Technician training seemed to be more operative in the fields of electronics and radio. There was a need for test people and repair people in business and industry. The available jobs were non-unionized for the most part. In the electrical world, the need for technicians was not so great and those jobs which existed were unionized.

The EE Department quietly met this problem by 1) making the two curricula in the major decidedly different; 2) counseling the engineering flunkies out of the department (successful for the most part); and 3) advising any potentially good student to not consider the certificate program. The consequence was a drop in enrollment below which it was not feasible to continue funding the EE certificate program.

The EL&R Department's beginning approach was a common program in the major for the first two years. The transition in the third year to a rigorous engineering program was a traumatic experience for many of the students. During the Christmas break many of these junior students would transfer to the Mathematics Department. One year almost a third of the class transferred.

Other engineering departments were also having problems with the three track, then two track system. As a consequence, it was abandoned only to re-emerge in 1968 as the engineering technology major. This major resulted not from a philosophical base, but rather as an expediency on the part of the Dean of Engineering, The new dean came in 1967 with specific charge by the President to secure ECPD accreditation of the engineering majors. He held the very strong opinion that the engineering departments faculties must be purged of any member not possessing a recognized engineering degree and professional engineering experience. With their holding tenure, opening a major in engineering technology with them as the initial faculty came as a solution. While it may have been a solution to a conceived personnel problem, it has brought back many of the problems from an earlier time,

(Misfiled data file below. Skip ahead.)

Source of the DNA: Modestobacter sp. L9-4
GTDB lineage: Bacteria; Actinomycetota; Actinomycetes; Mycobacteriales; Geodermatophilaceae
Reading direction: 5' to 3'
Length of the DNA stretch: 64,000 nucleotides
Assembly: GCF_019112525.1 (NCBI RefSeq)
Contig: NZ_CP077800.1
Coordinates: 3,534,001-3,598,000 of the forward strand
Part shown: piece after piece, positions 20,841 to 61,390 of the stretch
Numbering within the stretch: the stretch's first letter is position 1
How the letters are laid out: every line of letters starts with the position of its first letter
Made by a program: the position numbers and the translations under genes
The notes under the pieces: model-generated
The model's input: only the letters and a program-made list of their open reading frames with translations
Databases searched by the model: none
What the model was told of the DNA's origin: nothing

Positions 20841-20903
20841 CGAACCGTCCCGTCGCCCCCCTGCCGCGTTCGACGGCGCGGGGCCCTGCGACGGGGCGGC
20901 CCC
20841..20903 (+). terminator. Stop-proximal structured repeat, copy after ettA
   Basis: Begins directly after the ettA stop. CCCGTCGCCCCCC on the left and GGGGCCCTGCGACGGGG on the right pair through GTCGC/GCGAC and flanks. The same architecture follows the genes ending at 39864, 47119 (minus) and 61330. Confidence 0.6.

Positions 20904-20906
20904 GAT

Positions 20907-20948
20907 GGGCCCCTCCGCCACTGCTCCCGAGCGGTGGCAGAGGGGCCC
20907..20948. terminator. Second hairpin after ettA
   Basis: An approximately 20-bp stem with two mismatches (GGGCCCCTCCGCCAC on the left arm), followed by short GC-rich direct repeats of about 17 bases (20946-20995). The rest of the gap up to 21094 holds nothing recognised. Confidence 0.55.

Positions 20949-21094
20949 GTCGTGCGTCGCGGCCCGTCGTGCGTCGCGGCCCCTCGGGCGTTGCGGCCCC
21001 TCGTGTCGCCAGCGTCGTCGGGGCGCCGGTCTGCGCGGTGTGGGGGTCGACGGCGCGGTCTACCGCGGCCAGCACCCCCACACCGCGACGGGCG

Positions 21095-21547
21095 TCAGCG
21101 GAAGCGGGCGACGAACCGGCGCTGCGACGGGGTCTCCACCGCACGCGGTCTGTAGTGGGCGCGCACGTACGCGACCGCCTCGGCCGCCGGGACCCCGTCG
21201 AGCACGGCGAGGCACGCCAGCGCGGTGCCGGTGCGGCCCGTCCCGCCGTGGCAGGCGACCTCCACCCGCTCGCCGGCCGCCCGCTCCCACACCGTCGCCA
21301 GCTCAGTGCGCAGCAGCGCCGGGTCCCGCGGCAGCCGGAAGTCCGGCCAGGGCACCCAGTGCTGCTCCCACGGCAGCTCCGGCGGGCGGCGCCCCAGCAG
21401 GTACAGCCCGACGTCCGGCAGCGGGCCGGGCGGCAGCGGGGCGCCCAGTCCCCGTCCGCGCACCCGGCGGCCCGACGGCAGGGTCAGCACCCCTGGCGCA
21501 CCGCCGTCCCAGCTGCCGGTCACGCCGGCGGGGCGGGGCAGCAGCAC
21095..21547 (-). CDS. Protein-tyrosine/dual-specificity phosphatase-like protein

The students in the 1950's were open, enthusiastic, hardworking go-getters, and cooperative. With a little encouragement, interest and leadership by the faculty, they were great participators in a wide range of extra curricular events. Many weeks of effort went into the preparation of big, interesting and crowd pleasing Poly Royal displays. The Poly Royal exhibits with total student body participation was a very effective new student recruitment device. Homecoming was another major event on the student calendar. The Poly Phase Club always entered a float in the Homecoming parade held in downtown San Luis Obispo. The entries numbered close to one hundred year-after-year. Poly Phase would work year around on their entry which always had moving parts. For several years running they earned the sweepstakes award.

22) The 1950's

The movement of United States troops into Korea generating the Korean conflict, led to many changes and disruptions in peoples' lives. For Cal Poly it meant a sudden drop in student enrollment beginning in September, 1950. The State budget for 1951 reflected this drop in the numbers of students. It reflected it to the extent of a reduction of fifty faculty positions. Drastic cuts came in the EE Department faculty.

C.E. Glover looked over his options in the summer and fall of 1950 after having been rebuffed on so many occasions by the administration. He sensed an unrestrained ambition on the part of the head of the Architecture Department to take over as head of the Engineering Division. So, in the fall of 1950, he promised Dr. Ralph J. Smith, Head of Engineering, San Jose State that he would join him in September, 1951, in developing an accredit able ECPD program in electrical engineering.

The suspicions held by Mr. Glover proved to have some substance to them. Late in a February day of 1951 in a totally surprise move, President McPhee called the heads of the Engineering departments to his office and announced he was removing long time, hard working and totally committed professional employee, C. E. Knott as Head of the Engineering Division, and appointing Ralph Priestly, Head of the Architecture Department as Dean to be effective immediately. Mr. Glover walked out of that meeting immediately and refused to recognize Mr. Priestley as the dean. Mr. Knott was not notified of his removal as Head and was not given an assignment by the President. Finding his personal possessions boxed and placed outside his office door when he came to work the following morning was as close as he came to a notification.

The remainder of that academic year was one of constant turmoil, unrest and uncertainty. Mr. Anderson who shared the EE Department Office with Mr. Glover as his assistant, handled most of the necessary contacts with the Division office for the remainder of that year.